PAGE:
We’ve seen it time and time again: a public figure caught in a scandal of their own making. America gets out the scorecards and grades their response – our new national hobby. How quickly did they address the situation? Was it personal or through a spokesperson? Did they make a full apology, or did it feel lame, like, “I’m sorry if anyone was offended by what I thought was harmless fun.” Was it issued on just one platform or across several? How and when an organization or individual in crisis responds can make all the difference.
So, what are the best practices for navigating tough public scrutiny?
First and foremost: Depending on how egregious the action is, a good apology and rehabilitation period can save reputations and careers. If it’s a heinous crime — well, there are limits to how much the public will forgive and rightly so.
Not everyone gets this first part right. And even if they do, they must eat their fair share of humble pie over and over again: opponents will constantly bring up transgressions, reporters may dig up more dirt and, perhaps worst of all, one could become an internet meme.
Nothing is better than learning from other’s mistakes, so let’s look at a couple famous apologies to guide us:
Bill Clinton, 1998
Perhaps the most famous apology in American history came from President Bill Clinton following his extra-marital affair with White House intern Monica Lewinsky. His initial denial of the affair not only landed him on Congressional trial for impeachment but sowed deep distrust in the American people.
After months of political and comedic ridicule, Congressional scrutiny and a Grand Jury investigation, Clinton conceded and made several public apologies.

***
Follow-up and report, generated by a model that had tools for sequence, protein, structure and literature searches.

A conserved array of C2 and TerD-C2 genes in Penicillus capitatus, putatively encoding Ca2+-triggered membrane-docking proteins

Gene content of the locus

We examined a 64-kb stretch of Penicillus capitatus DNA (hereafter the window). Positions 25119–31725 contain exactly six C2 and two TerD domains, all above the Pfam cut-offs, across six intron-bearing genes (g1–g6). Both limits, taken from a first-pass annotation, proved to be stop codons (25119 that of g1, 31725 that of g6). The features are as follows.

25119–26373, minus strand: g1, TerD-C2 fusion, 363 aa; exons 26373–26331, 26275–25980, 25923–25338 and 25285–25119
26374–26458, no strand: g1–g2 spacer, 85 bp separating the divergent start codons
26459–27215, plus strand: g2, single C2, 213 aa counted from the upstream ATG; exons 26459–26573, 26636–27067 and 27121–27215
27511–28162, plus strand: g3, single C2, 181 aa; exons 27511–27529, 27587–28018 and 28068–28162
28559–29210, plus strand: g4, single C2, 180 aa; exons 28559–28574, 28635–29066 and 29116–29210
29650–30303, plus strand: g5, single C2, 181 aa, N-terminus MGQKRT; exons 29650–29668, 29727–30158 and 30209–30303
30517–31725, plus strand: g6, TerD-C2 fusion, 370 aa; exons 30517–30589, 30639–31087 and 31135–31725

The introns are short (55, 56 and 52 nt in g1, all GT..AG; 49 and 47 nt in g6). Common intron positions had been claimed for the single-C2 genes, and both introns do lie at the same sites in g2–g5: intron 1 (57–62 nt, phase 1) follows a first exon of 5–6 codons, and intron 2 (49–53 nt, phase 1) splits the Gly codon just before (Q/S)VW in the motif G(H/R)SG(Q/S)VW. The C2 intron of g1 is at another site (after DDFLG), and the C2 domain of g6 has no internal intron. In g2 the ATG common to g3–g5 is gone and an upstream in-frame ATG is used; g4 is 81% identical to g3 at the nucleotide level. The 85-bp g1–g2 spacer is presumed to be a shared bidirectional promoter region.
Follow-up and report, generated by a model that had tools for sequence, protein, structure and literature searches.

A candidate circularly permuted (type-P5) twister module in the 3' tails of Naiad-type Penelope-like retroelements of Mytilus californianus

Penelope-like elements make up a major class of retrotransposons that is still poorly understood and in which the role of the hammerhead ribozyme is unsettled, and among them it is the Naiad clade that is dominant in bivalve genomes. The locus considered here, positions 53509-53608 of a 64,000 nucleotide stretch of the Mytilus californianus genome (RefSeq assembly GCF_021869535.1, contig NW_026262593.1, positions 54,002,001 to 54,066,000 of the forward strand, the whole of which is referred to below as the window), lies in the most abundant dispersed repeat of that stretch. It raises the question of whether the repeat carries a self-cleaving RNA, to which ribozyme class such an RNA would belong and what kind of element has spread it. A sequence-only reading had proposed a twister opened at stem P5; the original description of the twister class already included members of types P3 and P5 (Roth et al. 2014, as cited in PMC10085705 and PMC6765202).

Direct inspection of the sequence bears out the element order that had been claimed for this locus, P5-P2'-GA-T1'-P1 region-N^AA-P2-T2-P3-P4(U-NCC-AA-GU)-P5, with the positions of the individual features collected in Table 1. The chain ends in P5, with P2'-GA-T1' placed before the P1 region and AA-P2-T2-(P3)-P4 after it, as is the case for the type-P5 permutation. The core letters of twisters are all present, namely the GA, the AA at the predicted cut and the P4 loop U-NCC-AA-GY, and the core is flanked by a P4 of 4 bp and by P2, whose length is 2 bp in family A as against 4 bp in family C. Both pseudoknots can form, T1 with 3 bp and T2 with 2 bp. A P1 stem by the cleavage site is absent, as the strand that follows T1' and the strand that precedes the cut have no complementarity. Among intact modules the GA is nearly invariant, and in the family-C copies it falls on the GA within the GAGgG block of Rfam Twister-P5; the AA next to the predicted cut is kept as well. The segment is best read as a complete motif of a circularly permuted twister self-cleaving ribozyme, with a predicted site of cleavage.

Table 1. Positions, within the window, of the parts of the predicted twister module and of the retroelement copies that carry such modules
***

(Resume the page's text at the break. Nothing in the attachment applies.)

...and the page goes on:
From the podium in the Rose Garden, Clinton said, “What I want the American people to know, what I want the Congress to know is that I am profoundly sorry for all I have done wrong in words and deeds.”
Yet nothing could quite undo the denials, and while Clinton was able to ride out his tenure as Commander in Chief and was not destroyed by the scandal, his reputation was forever bruised and proved to have lasting effects on his wife’s brand and career ambitions as well.
LESSON: If you deny, deny, deny — even the best speech writers can’t fix it.
Tiger Woods, 2010
In the early 2000s, Tiger Woods was at the height of his career: a celebrated golf prodigy, squeaky-clean Nike ambassador and inspiring role model for millions of young sports fans who wanted to challenge the status quo. But following the exposure of his rampant infidelity, erratic behavior and arrest, Wood faced a dramatic fall from grace.
Nearly three months after the first reports surfaced, Woods broke his silence with a scheduled press conference. In a long 13-minute statement shot in front of an oddly monochrome blue-draped backdrop, Woods apologized to his wife and fans and announced a temporary sabbatical from golf.
While Woods initially lost his lucrative sponsorships, critics generally agreed that the apology was sufficient, and fans begged to see him return to the links.
But in a new era of communication, Woods also fell victim to a new form of infamy: the meme. Wood’s mugshot went viral and is still commonly circulated with funny captions on the internet today.
More than a decade later, Woods’ rehabilitation and impressive golf skills have helped him return to the spotlight in general good favor.
LESSON: With the proper omission of guilt and adequate time for the public to process and move on, a second chance is possible.
In summary, we all love a good come-back, and the public is generally open to forgiving and moving on. (Few celebs could have overcome the jumping-on-Oprah’s-couch moment the way Tom Cruise did, but we all love Mission Impossible, right?) But they expect what we have all come to accept as The Rules of the Apology to be observed, and until they are, redemption can remain just out of reach.